Billie Piper played Rose Tyler, the beloved companion to Chistopher Eccleston's Ninth and David Tennant's fan-favorite Tenth Doctors, during the first two seasons of BBC's relaunched Doctor Who series. She later returned to see Tennant off in the show's fourth season and again for another role in the show's 50th-anniversary special, "The Day of the Doctor." But even after one of her old TARDIS roommates, John Barrowman as Captain Jack Harkness, made his highly anticipated return to the show and remains eager for more, Piper says she wouldn't sign up for another trip through space and time with the Doctor if offered.
"I wouldn't go back," Piper tells The Guardian in a profile interview looking back on her career. "It's a great role, but you're away from your kids for so long. My experience was that you were in Wales for nine months solid. And as a job it dominates your life. It's mainstream family viewing so you can't really escape it. It feels like it makes you very, very famous."
This news may be disappointing to fans who still ship Rose and the Doctor, a romance that Piper has suggested would not be abated by the Doctor's recent change in gender. Piper has returned as Rose in new Doctor Who stories, but only in Big Finish audio stories, which require considerably less time and are less of a mainstream event.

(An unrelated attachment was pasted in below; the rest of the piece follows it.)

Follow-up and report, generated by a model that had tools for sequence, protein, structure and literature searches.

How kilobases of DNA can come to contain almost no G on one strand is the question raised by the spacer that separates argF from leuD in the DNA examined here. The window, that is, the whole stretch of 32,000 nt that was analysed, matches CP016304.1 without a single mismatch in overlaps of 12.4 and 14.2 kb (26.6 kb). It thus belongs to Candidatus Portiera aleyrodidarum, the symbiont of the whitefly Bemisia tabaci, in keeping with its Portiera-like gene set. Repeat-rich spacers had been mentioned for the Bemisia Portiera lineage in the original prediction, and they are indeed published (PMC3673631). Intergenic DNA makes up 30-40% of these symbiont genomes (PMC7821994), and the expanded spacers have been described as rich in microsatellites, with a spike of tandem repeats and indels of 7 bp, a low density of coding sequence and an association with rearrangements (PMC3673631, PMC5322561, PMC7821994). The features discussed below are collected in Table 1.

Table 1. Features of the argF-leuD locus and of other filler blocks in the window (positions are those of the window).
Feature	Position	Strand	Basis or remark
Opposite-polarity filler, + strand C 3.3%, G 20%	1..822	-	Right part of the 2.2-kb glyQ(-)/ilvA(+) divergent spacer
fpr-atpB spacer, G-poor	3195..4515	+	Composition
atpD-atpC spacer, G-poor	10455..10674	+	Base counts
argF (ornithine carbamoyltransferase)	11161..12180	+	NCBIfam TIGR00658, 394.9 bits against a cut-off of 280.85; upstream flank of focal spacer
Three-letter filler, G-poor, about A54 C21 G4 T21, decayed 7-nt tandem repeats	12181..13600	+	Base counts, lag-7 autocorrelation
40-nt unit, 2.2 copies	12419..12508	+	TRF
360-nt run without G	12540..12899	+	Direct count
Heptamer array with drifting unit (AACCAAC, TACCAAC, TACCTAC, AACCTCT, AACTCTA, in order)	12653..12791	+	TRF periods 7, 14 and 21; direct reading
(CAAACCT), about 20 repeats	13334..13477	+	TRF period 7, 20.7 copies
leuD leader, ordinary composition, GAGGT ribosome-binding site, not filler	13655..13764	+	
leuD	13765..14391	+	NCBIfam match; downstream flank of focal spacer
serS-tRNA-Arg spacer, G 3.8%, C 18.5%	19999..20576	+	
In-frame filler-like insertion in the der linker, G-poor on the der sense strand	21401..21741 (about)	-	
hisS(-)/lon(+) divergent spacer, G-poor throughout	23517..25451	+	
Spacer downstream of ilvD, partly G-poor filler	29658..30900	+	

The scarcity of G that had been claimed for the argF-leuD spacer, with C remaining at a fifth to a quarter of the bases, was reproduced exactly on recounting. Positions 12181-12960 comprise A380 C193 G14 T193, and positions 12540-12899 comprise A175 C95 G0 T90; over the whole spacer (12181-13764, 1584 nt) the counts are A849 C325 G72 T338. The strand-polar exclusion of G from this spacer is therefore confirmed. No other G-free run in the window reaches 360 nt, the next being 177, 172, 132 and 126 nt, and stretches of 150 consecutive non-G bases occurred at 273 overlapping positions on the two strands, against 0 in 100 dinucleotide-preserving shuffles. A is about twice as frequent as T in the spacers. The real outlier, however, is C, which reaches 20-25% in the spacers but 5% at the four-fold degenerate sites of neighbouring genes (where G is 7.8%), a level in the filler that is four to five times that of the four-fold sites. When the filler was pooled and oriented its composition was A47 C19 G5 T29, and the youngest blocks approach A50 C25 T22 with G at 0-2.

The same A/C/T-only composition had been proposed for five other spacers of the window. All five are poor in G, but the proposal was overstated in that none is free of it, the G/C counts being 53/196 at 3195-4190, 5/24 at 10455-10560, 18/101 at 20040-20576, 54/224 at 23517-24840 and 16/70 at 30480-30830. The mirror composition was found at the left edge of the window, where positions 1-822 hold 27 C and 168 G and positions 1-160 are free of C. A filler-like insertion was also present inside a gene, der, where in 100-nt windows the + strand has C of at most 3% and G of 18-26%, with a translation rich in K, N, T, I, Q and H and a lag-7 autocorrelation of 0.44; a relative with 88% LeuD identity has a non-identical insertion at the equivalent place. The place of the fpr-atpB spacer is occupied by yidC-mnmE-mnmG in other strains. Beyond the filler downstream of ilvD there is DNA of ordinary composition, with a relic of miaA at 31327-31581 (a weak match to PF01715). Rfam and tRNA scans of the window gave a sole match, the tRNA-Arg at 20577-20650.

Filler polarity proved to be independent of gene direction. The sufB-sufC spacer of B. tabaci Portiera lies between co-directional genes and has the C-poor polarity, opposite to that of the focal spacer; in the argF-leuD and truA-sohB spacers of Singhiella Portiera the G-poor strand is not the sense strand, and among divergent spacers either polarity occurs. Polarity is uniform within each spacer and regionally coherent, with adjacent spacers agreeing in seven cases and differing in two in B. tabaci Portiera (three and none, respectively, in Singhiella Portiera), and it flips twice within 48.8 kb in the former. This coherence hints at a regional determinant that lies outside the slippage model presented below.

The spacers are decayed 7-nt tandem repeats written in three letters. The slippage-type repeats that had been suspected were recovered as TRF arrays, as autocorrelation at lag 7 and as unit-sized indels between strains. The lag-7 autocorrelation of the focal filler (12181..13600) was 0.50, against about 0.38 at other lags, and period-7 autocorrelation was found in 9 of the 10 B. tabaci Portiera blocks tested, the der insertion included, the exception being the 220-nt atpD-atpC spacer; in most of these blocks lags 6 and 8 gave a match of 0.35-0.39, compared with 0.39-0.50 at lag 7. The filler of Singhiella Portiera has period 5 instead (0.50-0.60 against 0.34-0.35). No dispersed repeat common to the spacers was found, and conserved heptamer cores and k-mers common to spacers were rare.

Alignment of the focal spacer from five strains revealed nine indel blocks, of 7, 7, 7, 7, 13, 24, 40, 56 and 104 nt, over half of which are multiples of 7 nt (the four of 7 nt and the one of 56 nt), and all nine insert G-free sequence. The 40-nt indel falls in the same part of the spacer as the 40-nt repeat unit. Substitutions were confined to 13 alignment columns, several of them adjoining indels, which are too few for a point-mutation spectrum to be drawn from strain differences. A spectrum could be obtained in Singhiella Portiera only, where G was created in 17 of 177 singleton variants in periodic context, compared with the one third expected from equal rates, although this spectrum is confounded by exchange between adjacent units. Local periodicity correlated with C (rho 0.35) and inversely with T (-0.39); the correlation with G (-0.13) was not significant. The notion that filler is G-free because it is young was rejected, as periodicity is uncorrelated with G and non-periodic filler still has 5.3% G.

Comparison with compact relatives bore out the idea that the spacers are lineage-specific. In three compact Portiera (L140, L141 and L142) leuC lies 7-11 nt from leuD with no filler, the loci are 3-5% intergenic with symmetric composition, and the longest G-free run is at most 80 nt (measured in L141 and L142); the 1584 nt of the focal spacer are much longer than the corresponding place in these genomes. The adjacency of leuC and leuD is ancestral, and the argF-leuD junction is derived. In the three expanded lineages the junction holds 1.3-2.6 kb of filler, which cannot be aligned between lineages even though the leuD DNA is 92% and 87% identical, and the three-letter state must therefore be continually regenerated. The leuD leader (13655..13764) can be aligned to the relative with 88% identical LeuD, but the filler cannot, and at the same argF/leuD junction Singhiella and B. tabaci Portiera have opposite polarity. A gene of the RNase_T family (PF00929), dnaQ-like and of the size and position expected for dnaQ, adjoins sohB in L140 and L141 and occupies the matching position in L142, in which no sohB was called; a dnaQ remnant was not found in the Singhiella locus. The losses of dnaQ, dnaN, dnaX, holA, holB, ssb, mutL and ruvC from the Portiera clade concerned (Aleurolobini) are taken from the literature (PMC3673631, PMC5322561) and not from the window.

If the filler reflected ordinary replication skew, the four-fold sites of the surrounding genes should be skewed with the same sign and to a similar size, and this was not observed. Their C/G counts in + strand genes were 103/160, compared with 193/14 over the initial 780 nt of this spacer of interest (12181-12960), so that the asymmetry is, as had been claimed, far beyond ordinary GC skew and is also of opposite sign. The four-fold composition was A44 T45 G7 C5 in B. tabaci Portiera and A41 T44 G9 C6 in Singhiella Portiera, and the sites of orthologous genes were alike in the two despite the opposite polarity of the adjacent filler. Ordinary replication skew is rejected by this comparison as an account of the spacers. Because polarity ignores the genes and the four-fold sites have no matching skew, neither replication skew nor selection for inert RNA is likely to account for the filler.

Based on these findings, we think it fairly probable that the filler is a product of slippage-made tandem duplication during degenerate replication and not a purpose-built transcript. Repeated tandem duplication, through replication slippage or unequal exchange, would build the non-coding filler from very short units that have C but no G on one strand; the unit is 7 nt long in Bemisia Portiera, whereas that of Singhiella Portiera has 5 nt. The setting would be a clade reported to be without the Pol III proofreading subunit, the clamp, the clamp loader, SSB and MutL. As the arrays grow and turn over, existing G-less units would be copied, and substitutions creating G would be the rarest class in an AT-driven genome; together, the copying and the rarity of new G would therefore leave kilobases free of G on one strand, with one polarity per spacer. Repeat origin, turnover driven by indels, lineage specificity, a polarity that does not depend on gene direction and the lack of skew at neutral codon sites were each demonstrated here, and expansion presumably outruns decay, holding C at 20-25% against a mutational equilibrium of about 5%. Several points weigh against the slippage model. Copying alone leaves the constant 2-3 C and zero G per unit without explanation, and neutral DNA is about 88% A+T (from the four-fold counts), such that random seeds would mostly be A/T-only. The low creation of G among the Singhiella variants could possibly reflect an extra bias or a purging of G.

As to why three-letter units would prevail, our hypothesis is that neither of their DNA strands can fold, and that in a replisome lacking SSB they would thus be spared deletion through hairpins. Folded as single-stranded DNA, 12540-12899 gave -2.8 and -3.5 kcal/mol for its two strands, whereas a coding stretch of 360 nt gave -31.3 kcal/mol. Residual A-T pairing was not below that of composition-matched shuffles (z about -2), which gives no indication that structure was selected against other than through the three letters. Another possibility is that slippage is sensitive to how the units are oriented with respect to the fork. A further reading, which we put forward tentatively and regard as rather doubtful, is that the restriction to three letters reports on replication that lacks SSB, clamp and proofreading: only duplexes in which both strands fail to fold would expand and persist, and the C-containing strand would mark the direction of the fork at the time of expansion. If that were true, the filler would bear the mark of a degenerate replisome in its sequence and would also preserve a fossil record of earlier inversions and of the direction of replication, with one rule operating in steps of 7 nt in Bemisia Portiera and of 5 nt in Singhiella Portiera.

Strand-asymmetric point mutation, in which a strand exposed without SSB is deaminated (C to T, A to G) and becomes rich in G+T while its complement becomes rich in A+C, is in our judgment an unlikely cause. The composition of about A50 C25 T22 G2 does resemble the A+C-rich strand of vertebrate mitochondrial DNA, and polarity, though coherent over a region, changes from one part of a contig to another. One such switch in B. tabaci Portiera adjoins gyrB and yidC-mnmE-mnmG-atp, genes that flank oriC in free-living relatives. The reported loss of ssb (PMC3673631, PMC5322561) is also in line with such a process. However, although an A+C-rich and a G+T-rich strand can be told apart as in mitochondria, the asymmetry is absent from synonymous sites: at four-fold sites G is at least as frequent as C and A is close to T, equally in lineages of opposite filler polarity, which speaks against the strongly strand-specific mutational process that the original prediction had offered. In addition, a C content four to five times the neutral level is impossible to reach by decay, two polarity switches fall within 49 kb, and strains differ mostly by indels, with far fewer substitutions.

"I love how normal Rose is, and yet really extraordinary," Piper said in a statement from Big Finish the company announced the Rose Tyler: The Dimension Cannon serial. "She lived a normal average life but she is incredibly curious and has an enormous capacity for love and empathy and is really spirited. She is extraordinary… That's the great thing about Doctor Who. It challenges new-thinking. It's progressive and it can be political in amongst these human emotions and relationships. I think that's its greatest appeal."
According to Barrowman, there was some discussion at one point about a Doctor Who movie reuniting him with Piper and Tennant, though that seemed mostly like him and former Doctor Who showrunner Russell T. Davies reminiscing about the good old days. "I can't remember what ceremony it was," Barrowman told RadioTimes.com, "but I was speaking to [Davies] – he'd picked up an award for A Very English Scandal – and we said: 'Wouldn't it be great if we could do a Torchwood or Doctor Who movie with Jack, David, and Billie?... If I can boast, the three of us, we all call each other 'The Golden Age." The three of us made such an impact that people still talk about us to this day, which is great!"